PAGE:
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Evidence to Improve Care

Heavy Menstrual Bleeding

Care for Adults and Adolescents of Reproductive Age

Click below to see a list of brief quality statements and scroll down for more information.​​


Quality standards are sets of concise statements designed to help health care professionals easily and quickly know what care to provide, based on the best evidence. ​

See below for the quality statements and click for more detail.​


Quality Statement 1: Comprehensive Initial Assessment
Patients with symptoms of heavy menstrual bleeding have a detailed history taken, gynecological exam, complete blood count test, and pregnancy test (if pregnancy is possible) during their initial assessment.


Quality Statement 2: Shared Decision-Making
Patients with heavy menstrual bleeding are provided with information on all potential treatment options and are supported in making an informed decision on the most appropriate treatments for them, based on their values, preferences, and goals, including their desire for future fertility.


Quality Statement 3: Pharmacological Treatments
Patients with heavy menstrual bleeding are offered a choice of non-hormonal and hormonal pharmacological treatment options.


Quality Statement 4: Endometrial Biopsy
Patients with heavy menstrual bleeding who exhibit risk factors for endometrial cancer or endometrial hyperplasia are offered an endometrial biopsy.


Quality Statement 5: Ultrasound Imaging
Patients with heavy menstrual bleeding who have suspected structural abnormalities based on a pelvic exam, or who have tried pharmacological treatment but have not had significant improvement in their symptoms, are offered an ultrasound of their uterus.


Quality Statement 6: Referral to a Gynecologist
Patients with heavy menstrual bleeding have a comprehensive initial assessment and pharmacological treatments offered prior to referral to a gynecologist. Once the referral has been made, patients are seen by the gynecologist within 3 months.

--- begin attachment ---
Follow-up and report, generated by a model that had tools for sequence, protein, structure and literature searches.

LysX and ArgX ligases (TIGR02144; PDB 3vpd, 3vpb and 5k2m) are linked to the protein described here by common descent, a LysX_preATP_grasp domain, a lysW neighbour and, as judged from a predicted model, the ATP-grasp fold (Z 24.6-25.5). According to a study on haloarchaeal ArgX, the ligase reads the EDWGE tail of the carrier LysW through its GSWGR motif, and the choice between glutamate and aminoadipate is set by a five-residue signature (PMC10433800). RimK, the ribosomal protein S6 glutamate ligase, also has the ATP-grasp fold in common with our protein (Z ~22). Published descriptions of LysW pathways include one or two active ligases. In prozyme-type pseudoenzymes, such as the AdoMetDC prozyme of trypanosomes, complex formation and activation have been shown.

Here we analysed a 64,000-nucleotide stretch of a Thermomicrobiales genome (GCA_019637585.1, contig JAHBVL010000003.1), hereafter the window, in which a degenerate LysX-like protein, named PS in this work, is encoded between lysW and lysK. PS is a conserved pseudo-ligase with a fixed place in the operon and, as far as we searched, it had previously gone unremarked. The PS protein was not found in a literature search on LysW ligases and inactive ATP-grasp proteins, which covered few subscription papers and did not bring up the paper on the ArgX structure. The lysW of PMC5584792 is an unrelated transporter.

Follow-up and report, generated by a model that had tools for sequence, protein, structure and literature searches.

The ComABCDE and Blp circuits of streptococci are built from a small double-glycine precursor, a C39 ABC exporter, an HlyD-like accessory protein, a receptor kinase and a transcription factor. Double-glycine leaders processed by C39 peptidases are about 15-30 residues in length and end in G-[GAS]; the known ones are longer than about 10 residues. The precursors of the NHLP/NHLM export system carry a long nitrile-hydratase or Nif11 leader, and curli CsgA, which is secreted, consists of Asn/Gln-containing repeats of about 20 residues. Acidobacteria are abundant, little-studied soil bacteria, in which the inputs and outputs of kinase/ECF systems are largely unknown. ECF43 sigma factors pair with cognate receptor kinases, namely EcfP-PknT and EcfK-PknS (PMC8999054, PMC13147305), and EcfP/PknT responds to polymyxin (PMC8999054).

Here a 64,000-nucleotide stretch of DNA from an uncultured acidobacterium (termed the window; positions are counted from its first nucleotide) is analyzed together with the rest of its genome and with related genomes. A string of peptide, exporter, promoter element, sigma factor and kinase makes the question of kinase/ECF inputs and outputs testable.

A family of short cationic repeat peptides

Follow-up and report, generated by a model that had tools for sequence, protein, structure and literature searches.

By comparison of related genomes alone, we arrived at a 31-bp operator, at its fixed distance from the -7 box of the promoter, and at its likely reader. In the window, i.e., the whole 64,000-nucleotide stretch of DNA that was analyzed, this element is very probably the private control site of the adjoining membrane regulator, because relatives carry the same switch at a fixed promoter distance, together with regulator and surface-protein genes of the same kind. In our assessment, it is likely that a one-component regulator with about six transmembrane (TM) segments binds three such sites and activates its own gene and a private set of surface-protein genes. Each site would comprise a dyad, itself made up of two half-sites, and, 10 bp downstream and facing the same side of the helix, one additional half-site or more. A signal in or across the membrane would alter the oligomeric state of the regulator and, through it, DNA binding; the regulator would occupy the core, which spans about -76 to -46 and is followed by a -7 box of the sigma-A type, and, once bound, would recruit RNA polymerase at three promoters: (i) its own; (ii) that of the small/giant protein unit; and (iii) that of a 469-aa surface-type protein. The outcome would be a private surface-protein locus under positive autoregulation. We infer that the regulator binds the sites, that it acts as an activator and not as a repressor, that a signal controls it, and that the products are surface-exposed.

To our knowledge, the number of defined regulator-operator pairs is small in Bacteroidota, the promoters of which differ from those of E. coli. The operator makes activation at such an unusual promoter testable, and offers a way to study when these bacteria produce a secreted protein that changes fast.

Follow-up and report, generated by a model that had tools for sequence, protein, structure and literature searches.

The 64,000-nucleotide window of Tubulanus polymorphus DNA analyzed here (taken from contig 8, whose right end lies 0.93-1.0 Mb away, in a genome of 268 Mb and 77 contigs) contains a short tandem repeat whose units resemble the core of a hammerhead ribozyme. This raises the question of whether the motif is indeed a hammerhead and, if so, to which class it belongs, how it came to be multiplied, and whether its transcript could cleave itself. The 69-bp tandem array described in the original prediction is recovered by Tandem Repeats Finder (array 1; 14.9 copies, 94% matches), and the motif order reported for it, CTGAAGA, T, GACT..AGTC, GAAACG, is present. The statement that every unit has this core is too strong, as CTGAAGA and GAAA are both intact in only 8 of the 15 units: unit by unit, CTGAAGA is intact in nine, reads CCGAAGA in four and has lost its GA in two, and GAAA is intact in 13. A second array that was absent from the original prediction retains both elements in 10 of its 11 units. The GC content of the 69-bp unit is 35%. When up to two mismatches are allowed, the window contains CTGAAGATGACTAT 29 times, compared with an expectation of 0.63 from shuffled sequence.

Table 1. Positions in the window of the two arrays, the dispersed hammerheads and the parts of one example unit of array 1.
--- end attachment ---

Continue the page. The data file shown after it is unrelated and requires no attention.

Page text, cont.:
Quality Statement 7: Endometrial Ablation
Patients with heavy menstrual bleeding who do not wish to preserve their fertility are offered endometrial ablation. In the absence of structural abnormalities, patients have access to non-resectoscopic endometrial ablation techniques.


Quality Statement 8: Acute Heavy Menstrual Bleeding
Patients presenting acutely with uncontrolled heavy menstrual bleeding receive interventions to stop the bleeding, therapies to rapidly correct severe anemia, and an outpatient follow-up appointment with a health care professional at or immediately following their next period (roughly 4 weeks).


Quality Statement 9: Dilation and Curettage
Patients with heavy menstrual bleeding do not receive dilation and curettage unless they present acutely with uncontrolled bleeding and medical therapy is ineffective or contraindicated.


Quality Statement 10: Offering Hysterectomy
Patients with heavy menstrual bleeding are offered hysterectomy only after a documented discussion about other treatment options, or after other treatments have failed.


Quality Statement 11: Least Invasive Hysterectomy
Patients with heavy menstrual bleeding who have chosen to have a hysterectomy have it performed by the least invasive method possible.


Quality Statement 12: Treatment for Fibroids Causing Heavy Menstrual Bleeding
Patients with heavy menstrual bleeding related to fibroids are offered uterine artery embolization, myomectomy, and hysterectomy as treatment options.


Quality Statement 13: Bleeding Disorders in Adolescents
Adolescents with heavy menstrual bleeding are screened for risk of inherited bleeding disorder, using a structured assessment tool.


Quality Statement 14: Treatment of Anemia and Iron Deficiency
Patients with heavy menstrual bleeding who have been diagnosed with anemia or iron deficiency are treated with oral and/or intravenous iron.

1